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240 Laid Off as Icelandair Combats Drop in Demand
Before what is usually the busy summer months for Icelandair, the carrier has been forced to look towards retracting itself in size as COVID-19 epidemic affects demand for travel for the next few months. In order to stay afloat, Icelandair has looked at employee reductions to cut costs.
The airline will lay off 240 employees and cut the hours of 92 percent of its workforce as a means of cost-cutting. The airline says that these cut hours will move employees from full time to part-time work. But full-time workers are also not safe from pay cuts, with full-time employees seeing a 20 percent drop in pay while executives will take a 25 to 30 percent drop.
Icelandair has been heavily impacted by other countries’ measures of combating the virus, with the airline seeing both its North American and European route maps vanish and most of its fleet grounded as a result. The airline currently operates just 14 percent of its original schedule, with cargo operations via Icelandair Cargo also continuing. The flag carrier expects to see its schedule further decline as the market continues to evolve and Iceland braces for more strict domestic measures to counter the spread.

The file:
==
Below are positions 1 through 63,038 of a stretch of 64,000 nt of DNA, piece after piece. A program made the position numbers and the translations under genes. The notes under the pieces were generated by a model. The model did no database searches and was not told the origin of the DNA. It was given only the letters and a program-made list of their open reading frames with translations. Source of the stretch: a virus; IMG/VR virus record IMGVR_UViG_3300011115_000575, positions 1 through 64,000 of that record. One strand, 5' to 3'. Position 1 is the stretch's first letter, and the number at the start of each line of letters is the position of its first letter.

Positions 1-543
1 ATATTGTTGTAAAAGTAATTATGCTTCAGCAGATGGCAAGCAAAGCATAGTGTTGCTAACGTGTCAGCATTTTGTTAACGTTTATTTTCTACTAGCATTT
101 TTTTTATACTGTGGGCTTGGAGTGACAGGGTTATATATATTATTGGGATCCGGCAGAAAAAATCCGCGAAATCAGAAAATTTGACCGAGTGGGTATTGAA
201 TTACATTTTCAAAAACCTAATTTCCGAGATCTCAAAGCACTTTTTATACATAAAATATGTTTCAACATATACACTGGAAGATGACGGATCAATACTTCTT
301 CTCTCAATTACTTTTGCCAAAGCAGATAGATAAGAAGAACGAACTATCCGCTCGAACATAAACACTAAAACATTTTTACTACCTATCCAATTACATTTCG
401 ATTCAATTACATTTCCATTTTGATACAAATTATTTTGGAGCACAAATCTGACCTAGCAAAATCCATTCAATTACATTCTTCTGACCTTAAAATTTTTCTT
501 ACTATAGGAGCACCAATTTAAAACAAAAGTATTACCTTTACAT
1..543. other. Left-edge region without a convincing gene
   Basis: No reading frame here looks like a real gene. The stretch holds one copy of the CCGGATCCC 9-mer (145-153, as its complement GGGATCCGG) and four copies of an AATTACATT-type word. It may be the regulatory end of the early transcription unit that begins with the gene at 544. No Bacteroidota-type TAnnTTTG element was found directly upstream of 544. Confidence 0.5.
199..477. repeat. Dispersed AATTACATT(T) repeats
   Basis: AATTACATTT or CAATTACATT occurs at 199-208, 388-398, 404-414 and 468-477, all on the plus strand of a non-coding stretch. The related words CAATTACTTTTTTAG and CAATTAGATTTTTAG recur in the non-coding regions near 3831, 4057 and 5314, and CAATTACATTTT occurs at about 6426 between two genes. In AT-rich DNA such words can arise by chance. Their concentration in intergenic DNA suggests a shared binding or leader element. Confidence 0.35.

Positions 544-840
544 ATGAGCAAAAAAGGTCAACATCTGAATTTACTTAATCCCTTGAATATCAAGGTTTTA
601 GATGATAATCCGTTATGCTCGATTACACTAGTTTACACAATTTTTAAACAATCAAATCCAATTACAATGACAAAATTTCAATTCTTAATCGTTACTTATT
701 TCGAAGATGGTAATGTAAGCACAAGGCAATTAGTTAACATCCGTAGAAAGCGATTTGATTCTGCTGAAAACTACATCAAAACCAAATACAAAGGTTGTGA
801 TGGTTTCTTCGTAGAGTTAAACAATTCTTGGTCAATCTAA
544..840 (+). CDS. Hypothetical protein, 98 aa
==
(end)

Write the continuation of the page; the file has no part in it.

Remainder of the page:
Icelandair says that the cuts made are necessary in the current marketplace. Icelandair CEO Bogi Nils Bogason said, “We are living in unprecedented times where a global pandemic has significantly impacted international travel. Our priority is to secure robust operations of Icelandair Group for the future. The measures we announced today are difficult but necessary to mitigate the impact of the situation on the Company’s operations and cash flow.”
The company also mentioned that the lack of international travel has impacts on its other assets, which includes lodging chain Icelandair Hotels and domestic carrier Air Iceland Connect. Icelandair is also reviewing and trying to revise its current contracts with suppliers to further cut costs.
Iceland’s current opinion of coronavirus is fluid, with the current stance being for any Icelander who arrives from offshore being required to isolate for two weeks. The country currently has 551 active cases on the island nation as of March 23, 2020.
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